Peninsula Planners Support Criticism of City’s Master Plan on Parks and Want a 4-Way Stop at Froude and Cape May

by on January 27, 2021 · 8 comments

in Ocean Beach

By Geoff Page

The Peninsula Community Planning Board held its first regular monthly meeting of 2021 on Thursday, January 21.  The meeting was held using the Zoom meeting system. It is necessary to go to the website and register to attend the meetings in advance. The link to join the meeting is in the agenda.

As a side note, in comparison, the Midway planning group also uses Zoom but does not require registration.  An Issue with registration is that attendees are not required to sign in when they attend meetings in person.  There is a sign in sheet but it is voluntary and includes very little private information. The on-line registration system actually runs counter to the Brown Act privacy requirements.

A highlight of the meeting was a presentation by a volunteer group concerned about the city’s proposals for the Parks Master Plan component of the Complete Communities plan.  The lowlight was the board’s decision to support a request to place a four-way stop at Froude and Cape May despite having a city engineering decision that the intersection did not rate a four-way stop.

Parks and Recreation Coalition Alert Public to City’s Plan

A group of volunteers have formed the “Parks and Recreation Coalition,” or PARC.  They don’t like some of what they see in the City’s plan and they are alerting the public. One of the volunteers, Tom Mullaney, made the presentation.

PARC consists of “city planners, landscape architects, architects, and community planners, each volunteering to improve the Parks Master Plan.”  Some of the names are familiar including activist Tom Mullaney and former Planning Commission member Carolyn Chase.  Here is the fill list of volunteers from PARC’s presentation:

Susan Baldwin, Nico Calavita, Carolyn Chase, Julie Corrales, Howard Greenstein, Diane Kane, Debby Knight, Stacey LoMedico, Tom Mullaney, Deborah Sharpe, Rene Smith, Mike Stepner, Andy Wiese, Wally Wulfeck

PARC has an immediate need for support of comments and requests PARC is putting to city council concerning the Parks Master Plan, or PMP, a component of the Complete Communities Plan. These volunteers have pored over the city’s plan and found it wanting. The most serious concern, among a number of concerns, is the city’s proposal to completely drop the current design standard of 2.6 acres of park land per 1,000 residents in favor of a highly flawed points system.

According to PARC, the city is substituting a complicated point system for city facilities that allows points for what are dubbed “amenities” to offset the need for land.  One extreme example Baldwin offered showed that the new point system gave a 10 square foot interpretative sign the same point value as a one-acre park.  Beyond the absurdity of a trading sign for an acre of land, a sign does not fit the definition of the word “amenity.”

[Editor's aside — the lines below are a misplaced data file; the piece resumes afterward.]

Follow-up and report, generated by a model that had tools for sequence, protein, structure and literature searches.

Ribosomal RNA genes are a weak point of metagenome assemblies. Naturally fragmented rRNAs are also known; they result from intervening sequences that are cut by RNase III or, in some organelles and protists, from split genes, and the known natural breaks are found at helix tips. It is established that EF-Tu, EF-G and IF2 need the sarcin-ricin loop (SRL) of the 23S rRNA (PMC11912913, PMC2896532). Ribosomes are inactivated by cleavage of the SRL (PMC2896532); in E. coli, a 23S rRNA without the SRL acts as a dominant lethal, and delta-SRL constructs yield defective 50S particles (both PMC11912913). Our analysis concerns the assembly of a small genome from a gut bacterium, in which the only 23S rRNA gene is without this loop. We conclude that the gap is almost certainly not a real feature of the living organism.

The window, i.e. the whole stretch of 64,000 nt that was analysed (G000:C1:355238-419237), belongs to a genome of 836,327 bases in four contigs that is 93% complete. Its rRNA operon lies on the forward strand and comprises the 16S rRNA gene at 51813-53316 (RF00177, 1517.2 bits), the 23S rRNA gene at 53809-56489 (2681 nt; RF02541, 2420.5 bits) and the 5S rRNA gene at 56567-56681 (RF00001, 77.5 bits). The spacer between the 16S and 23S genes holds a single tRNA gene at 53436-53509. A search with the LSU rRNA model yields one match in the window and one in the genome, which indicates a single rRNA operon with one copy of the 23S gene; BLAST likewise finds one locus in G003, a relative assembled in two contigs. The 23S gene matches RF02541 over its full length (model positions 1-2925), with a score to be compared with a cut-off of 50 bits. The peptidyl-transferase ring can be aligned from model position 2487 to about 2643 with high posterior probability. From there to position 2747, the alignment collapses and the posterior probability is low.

PARC stated “We have found no other city that doesn’t have a clear land standard.” PARC has a number of suggestions starting with the idea of “Simplify by separating Land from Recreational Amenity points,” that’s the gem.

It is easy to see why the point system is attractive to the city and development interests.  “Amenities” can be added to existing park land to reduce the need to provide additional park acreage.  Think about it, by adding enough signs or other simple “amenities,” San Diego can absorb the population increases in the next decades and not provide any additional actual park acreage.  This, of course, makes no sense at all.

An equally serious concern of PARC’s is that the public was shut out of the planning process.  The standard presentations of city plans to community planning groups or the Recreation Advisory Groups were not made.

The city, according to PARC, rushed the Parks Master Plan through last fall with an unsupported deadline of the November election. Because of this unnecessary haste, the planning and recreation groups were not included in crafting the “vision.”

This is an extremely important point because a 50-year plan for our park lands will have been created by only a few public officials. Considering the historical influence of the development community in city politics, this scenario just spells trouble for San Diegans.

Another of PARC’s concerns is park commercialization. The city is eliminating and adding language that could lead to open commercialization of the parks.  The city removed “Protect parks from commercialization and privatization.” That says a lot right there.

The city then loosened the language regarding what was been previously permitted on park land.  The previous uses were specifically listed as “restaurants and cafes, food trucks, carts and kiosks, youth-oriented facilities, bike rental and repair, museums, and cultural centers.”  The city inserted the words “but are not limited to” before the previous list meaning that list is no longer a specific list of the only permitted uses.

To make sure it was understood that the door was now wide open to commercialization, the city added “other retail uses, and other similar uses” to the end of the previous list. It would be difficult to find a more amorphous way of saying something like this.  They should have just said the welcome mat is out. PARC suggests the following language.

“Protect parks from commercialization and privatization. Ensure that commercial uses within parks contribute to the recreational use and value of the park and are sufficiently limited.” Much better.

PARC’s presentation included a section devoted to funding that is too detailed to summarize here.  It is clear that the volunteers understand the funding mechanisms and believe the Park Master Plan needs to address funding much more specifically and strongly.